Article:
They will probably have me as a role player. You know, backing up one of these guys who’s soft and doesn’t really want to get in there and bang. And I would have to come in and do all the banging work, and the real work, and then he’ll come in and get his millions for doing nothing, and maybe averaging 17, 18 points because no one else is working hard against him.

So you know, for me, what you get out of me is the same thing you’ve always gotten out of me. A big guy that’s coming to bang, that can shoot the ball, and keep his teammates and the fans in the games.

What does it take to be a great defender and a great defensive team?
Attitude. It’s strictly attitude and willing to work. You know, do the proper techniques, and work. And that’s where it all is. To me, basketball mostly is effort. You can learn the techniques. You can learn all that.

But if you’ve got the effort, a lot of times the guy who’s not as talented will beat out a guy because he had more effort. So that, for me, that’s the biggest thing. If you’re giving your strong effort on defense, you can cut a lot of guys off, or you can look at the other fact. I’m gon wear this guy down until the fourth quarter. Come the fourth quarter, he has no legs; I’ve done my job.

Can Quin Snyder create that attitude in his players, or do the players have to already have it in themselves?
Oh, I’m sure [Quin Snyder] can create it, and I, but it’ll have to be one of the guys, not him. It’ll have to be one of the guys on this team, that says, “Look. We’re gonna work out. We’re gonna lift weights. We’re gonna do these things in order to make ourselves stronger and better.”

And that, you know, that was kinda John Stockton’s and Karl [Malone]’s thing. We come in. We come in early. Everybody’s going to the weight room. We’re gonna be stronger. We’re gonna be able to outrun guys. And that was the whole idea behind what we did.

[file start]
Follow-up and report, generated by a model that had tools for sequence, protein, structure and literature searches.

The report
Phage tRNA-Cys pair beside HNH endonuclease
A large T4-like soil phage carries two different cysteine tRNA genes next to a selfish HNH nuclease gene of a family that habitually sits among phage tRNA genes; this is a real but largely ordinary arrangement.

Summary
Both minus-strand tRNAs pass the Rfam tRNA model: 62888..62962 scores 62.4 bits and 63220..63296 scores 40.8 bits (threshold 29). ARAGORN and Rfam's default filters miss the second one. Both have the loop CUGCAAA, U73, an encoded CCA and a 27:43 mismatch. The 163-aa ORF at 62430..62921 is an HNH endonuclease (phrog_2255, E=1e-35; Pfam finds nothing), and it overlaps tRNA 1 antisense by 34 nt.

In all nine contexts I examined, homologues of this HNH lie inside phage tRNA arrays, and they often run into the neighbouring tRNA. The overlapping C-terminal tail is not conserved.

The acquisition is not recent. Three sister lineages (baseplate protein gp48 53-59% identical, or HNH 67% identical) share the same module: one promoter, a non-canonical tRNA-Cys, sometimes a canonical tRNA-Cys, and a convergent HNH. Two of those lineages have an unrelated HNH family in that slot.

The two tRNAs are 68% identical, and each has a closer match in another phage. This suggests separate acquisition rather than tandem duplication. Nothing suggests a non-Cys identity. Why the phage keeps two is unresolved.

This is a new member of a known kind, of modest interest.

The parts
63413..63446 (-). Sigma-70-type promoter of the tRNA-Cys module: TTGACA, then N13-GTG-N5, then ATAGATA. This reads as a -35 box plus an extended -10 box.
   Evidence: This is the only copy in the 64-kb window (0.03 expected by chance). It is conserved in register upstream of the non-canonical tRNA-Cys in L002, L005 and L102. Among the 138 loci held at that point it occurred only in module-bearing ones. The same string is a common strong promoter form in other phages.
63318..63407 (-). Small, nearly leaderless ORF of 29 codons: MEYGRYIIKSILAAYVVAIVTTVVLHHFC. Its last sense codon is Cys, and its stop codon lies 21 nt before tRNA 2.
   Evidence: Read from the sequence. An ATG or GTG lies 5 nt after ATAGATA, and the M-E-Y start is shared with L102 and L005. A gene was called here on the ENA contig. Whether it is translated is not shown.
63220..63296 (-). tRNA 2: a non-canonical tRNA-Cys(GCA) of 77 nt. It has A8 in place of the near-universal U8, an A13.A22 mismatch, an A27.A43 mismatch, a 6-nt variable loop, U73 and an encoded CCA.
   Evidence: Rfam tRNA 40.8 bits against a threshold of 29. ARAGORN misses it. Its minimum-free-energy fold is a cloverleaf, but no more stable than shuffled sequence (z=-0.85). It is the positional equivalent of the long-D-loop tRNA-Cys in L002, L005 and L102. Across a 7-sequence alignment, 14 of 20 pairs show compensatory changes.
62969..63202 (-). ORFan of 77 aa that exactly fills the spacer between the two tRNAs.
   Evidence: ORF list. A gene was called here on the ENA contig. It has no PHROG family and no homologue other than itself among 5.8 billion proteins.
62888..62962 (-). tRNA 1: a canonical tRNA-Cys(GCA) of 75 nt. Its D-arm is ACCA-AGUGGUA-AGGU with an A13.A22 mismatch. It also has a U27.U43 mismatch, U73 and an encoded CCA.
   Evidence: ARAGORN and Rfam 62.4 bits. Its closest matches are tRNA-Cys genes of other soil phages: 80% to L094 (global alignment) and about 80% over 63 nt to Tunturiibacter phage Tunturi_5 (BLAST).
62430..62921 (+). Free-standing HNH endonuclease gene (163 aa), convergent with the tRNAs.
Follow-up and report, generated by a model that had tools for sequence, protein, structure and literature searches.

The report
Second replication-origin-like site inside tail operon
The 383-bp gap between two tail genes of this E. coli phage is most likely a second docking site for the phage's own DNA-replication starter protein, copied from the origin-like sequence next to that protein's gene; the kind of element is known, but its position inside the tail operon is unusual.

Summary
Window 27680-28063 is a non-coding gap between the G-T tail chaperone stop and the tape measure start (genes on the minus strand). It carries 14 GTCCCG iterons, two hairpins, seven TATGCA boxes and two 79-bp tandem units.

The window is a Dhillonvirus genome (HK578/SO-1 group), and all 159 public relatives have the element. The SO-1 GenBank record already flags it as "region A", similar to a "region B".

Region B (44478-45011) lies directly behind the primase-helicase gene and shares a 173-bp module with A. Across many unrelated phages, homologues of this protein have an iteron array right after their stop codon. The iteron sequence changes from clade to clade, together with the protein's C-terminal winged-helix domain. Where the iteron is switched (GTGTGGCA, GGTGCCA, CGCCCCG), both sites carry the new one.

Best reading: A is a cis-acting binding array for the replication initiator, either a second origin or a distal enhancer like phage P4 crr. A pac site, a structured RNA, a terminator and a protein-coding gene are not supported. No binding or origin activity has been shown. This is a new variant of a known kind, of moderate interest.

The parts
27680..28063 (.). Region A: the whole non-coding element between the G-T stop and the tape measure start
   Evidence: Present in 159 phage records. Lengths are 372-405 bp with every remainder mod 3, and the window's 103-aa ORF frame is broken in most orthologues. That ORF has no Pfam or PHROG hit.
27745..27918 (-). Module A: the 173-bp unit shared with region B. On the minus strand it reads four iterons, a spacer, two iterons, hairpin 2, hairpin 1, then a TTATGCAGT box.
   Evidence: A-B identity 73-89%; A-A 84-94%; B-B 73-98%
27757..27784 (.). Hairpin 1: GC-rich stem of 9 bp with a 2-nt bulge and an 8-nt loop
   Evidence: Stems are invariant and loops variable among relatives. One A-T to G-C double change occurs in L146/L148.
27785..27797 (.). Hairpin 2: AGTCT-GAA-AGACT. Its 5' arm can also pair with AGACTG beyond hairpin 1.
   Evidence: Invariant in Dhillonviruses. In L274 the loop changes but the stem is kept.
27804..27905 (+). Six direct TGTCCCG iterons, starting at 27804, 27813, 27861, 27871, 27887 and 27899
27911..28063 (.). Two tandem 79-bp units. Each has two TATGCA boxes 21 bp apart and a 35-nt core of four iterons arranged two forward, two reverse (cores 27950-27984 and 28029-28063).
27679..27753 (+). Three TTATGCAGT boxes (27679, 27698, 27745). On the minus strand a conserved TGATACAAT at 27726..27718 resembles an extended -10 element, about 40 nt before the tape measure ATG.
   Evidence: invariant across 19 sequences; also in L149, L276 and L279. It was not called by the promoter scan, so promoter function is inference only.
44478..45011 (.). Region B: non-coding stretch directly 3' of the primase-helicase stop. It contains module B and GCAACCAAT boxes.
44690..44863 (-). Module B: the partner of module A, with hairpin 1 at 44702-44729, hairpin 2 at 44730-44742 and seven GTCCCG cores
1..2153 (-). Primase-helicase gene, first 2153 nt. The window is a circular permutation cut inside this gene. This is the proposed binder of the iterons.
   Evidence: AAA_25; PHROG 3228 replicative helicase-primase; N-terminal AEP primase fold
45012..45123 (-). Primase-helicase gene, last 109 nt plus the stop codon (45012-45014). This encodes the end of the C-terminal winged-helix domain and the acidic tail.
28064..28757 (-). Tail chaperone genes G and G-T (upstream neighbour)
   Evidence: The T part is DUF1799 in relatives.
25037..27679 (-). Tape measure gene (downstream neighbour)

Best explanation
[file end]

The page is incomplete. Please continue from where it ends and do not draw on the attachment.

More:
What is a day in the life of Antoine Carr like?
I get up, about 5:30, 6 o’clock. I double check with all my guys, make sure everything is good. We go out, we do a demo job or a painting job or construction; whatever we’re doing that day. We knock those things off. Usually done about 5:30, 6 o’clock, if we’ve got a good day.

After that I come home, put my feet up, get a little something to eat, and call back here to Witchita to find out how my mom’s doing, and my sister and family, and that’s about it. And of course, next day, same thing: back to work.

What did Jerry Sloan mean to your career?
Coach Sloan was just, he was a added piece to make me a whole player. He was one of those guys that, “Antoine, we need you to do this. We don’t need you to start. We need you to come off the bench. We need a tough guy. We need those type of things.” And that’s what I tried to give him.

And I think that was, I was able to keep years on me because I was able to see what the coach wanted, and tried to do that. So, he taught me how to play the game as a real player, as a country boy. Get in, get your work done, relax afterwards.

Prayer request
My mom just got diagnosed with cancer, so if the fans there in Utah and all around would just please pray for her, I would appreciate it. (1280)